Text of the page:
June 01, 2020
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Rest Assured, Congress Rules

Beneath the bonhomie lies dissent. That's what the party should manage.

Rest Assured, Congress Rules
Jitender Gupta
Rest Assured, Congress Rules
Ensconced within Parliament, Opposition unity, which rests on a common antipathy to the ruling nda coalition, is easy. But in the maze of electoral politics, the case for unity has careened from the "need to defeat the communal menace in the interest of the country", as senior CPI(M) leader Somnath Chatterjee puts it, to the "Congress’s attitude towards the small fry", as SP general-secretary Amar Singh insists.

If the constellation of Opposition parties, including the RJD, NCP, SP and the Left, is to be believed, alliance-mongering in the run-up to the next general elections rests entirely on Sonia’s shoulders. "It has to be Soniaji’s initiative because the Congress is the only party that can provide a credible alternative to the bjp. Everyone knows that," says Raghuvansh Prasad, RJD MP in the Lok Sabha.

In fact, the Congress ‘allies’ seem resigned to two facts: that any future Opposition alliance is likely to be Congress-led, and that since the party has accepted Sonia as their leader, they too will have to. For the moment, at least, the issue of Sonia’s leadership has taken a backseat as the Opposition gropes about for a way to march onward. "The no-confidence motion didn’t belong to the Congress, it belonged to all of us in the Opposition," says Singh. "It’s a good beginning."

However, beneath the bonhomie, there runs a subtext of dissent. A lot depends on how well the Congress woos its willing but whimsical partners in the next few months. "The Congress can’t go it alone, and the sooner it realises this, the stronger the possibility of a coalition. The current political atmosphere demands coalition politics whether in assembly or in Lok Sabha polls," says Prasad. He suggests a three-step itinerary for Sonia: cultivate alliances with regional parties with an eye to assembly polls, sacrifice "personal ego" and minimise differences with partners, and work towards a common minimum programme. He adds that her advisors should heed the agendas of other parties so that alliances, instead of being opportunistic and number-driven, have a history of mutual planning. "Let her come to my house too," says Prasad, referring to the dinner at Somnath Chatterjee’s residence, which Sonia attended.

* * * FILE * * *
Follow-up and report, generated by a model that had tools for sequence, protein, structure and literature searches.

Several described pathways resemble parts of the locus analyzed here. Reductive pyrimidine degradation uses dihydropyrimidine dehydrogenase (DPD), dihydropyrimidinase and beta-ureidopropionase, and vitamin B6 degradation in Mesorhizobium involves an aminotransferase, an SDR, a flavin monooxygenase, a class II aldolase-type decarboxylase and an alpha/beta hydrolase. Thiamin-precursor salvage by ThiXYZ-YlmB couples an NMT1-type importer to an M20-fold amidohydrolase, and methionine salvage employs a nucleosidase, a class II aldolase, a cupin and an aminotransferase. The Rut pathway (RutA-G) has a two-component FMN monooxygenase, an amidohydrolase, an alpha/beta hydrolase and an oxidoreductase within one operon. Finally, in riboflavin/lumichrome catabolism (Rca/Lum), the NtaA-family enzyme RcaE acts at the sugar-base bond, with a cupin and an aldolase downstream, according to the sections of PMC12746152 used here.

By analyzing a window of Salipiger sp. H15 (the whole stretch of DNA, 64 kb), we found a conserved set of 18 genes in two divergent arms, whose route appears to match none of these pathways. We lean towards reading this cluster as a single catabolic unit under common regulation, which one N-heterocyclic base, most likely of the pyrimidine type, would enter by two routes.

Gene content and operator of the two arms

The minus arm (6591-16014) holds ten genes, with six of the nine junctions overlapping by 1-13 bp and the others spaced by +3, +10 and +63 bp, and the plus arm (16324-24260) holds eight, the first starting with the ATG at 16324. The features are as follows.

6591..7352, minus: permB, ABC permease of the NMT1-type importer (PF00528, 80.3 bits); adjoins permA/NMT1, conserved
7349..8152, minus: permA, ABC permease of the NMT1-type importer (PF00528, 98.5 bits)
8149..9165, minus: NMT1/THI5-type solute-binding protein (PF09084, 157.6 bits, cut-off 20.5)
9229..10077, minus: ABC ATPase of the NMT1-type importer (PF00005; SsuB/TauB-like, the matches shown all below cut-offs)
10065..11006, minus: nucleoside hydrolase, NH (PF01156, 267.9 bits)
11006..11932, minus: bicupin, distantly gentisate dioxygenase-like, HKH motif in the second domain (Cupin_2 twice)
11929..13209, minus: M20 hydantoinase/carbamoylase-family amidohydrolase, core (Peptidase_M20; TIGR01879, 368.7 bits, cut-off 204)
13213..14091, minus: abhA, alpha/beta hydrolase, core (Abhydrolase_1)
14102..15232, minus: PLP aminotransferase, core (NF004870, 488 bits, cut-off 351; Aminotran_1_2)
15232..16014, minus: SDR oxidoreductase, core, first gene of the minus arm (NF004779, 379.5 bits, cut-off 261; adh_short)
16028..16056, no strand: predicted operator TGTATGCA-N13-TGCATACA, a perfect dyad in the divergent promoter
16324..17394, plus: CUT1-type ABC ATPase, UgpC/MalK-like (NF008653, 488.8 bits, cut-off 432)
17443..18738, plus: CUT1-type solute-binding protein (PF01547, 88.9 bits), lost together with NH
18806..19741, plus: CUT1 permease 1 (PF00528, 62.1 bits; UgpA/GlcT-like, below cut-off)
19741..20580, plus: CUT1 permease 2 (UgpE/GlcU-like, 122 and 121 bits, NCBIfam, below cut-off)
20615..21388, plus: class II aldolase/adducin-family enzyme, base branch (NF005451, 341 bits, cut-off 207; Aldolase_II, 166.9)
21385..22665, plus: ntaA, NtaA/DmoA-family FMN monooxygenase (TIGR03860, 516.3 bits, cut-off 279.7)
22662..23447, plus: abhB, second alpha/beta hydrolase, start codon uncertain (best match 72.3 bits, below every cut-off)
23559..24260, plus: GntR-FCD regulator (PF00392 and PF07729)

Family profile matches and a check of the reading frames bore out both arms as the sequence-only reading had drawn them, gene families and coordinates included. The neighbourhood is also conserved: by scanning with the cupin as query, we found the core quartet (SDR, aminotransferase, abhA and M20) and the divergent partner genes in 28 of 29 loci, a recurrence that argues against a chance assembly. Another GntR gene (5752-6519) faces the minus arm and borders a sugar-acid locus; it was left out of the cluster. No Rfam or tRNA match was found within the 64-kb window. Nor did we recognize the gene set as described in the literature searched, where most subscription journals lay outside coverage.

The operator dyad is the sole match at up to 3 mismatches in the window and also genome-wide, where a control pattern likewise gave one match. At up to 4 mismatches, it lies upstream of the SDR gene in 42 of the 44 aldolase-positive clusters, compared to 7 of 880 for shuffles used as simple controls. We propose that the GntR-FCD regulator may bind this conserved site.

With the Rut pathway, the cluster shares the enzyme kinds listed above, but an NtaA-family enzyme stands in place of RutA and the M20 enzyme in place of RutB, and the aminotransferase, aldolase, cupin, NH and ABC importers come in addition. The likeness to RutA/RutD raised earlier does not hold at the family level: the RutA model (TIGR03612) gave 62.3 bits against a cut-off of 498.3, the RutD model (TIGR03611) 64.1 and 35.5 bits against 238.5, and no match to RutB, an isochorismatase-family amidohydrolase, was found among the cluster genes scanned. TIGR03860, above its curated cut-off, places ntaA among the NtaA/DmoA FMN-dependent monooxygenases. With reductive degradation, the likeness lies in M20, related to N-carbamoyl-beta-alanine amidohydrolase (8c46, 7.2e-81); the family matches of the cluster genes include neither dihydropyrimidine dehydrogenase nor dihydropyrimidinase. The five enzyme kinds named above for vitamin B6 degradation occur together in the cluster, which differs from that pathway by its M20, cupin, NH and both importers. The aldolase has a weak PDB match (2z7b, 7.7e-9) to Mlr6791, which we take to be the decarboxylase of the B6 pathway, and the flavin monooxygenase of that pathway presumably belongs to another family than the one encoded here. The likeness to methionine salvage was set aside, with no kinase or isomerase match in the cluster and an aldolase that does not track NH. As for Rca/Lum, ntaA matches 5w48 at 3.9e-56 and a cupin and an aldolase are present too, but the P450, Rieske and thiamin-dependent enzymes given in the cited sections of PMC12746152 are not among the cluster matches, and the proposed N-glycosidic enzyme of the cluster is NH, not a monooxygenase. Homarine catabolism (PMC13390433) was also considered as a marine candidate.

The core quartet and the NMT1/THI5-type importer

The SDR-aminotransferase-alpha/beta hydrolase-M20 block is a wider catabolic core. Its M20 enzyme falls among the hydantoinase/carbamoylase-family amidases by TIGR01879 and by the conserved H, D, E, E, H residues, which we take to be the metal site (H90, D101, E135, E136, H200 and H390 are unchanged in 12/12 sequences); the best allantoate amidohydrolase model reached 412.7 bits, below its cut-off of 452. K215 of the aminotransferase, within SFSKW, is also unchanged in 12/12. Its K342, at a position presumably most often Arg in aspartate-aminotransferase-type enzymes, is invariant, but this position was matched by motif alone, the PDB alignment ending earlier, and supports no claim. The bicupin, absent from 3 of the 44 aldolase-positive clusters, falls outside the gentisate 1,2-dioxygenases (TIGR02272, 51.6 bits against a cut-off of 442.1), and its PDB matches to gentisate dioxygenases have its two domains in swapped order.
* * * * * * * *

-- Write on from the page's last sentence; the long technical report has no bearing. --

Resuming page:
The NCP, meanwhile, is more circumspect. "It’ll take a lot of maturity on Sonia Gandhi’s part to put a pre-poll alliance together. Equality and respect are what we’ll be looking for," says its national spokesperson Praful Patel. Though the two already have a successful alliance in Maharashtra, Patel insists it won’t be a precondition for any alliance at the national level.

Though the CPI(M) has so far ruled out joining any Congress-led united front in the aftermath of the 2004 polls, Chatterjee feels Sonia’s immediate efforts should be towards "building a nucleus of leaders from the secular Opposition and creating reciprocal understanding". Singh suggests open-mindedness, civility and constant flow of communication as crucial for any alliance to succeed. The ball, then, is in Sonia’s court, and the allies of a possible future coalition are waiting to see how she lobs it back.

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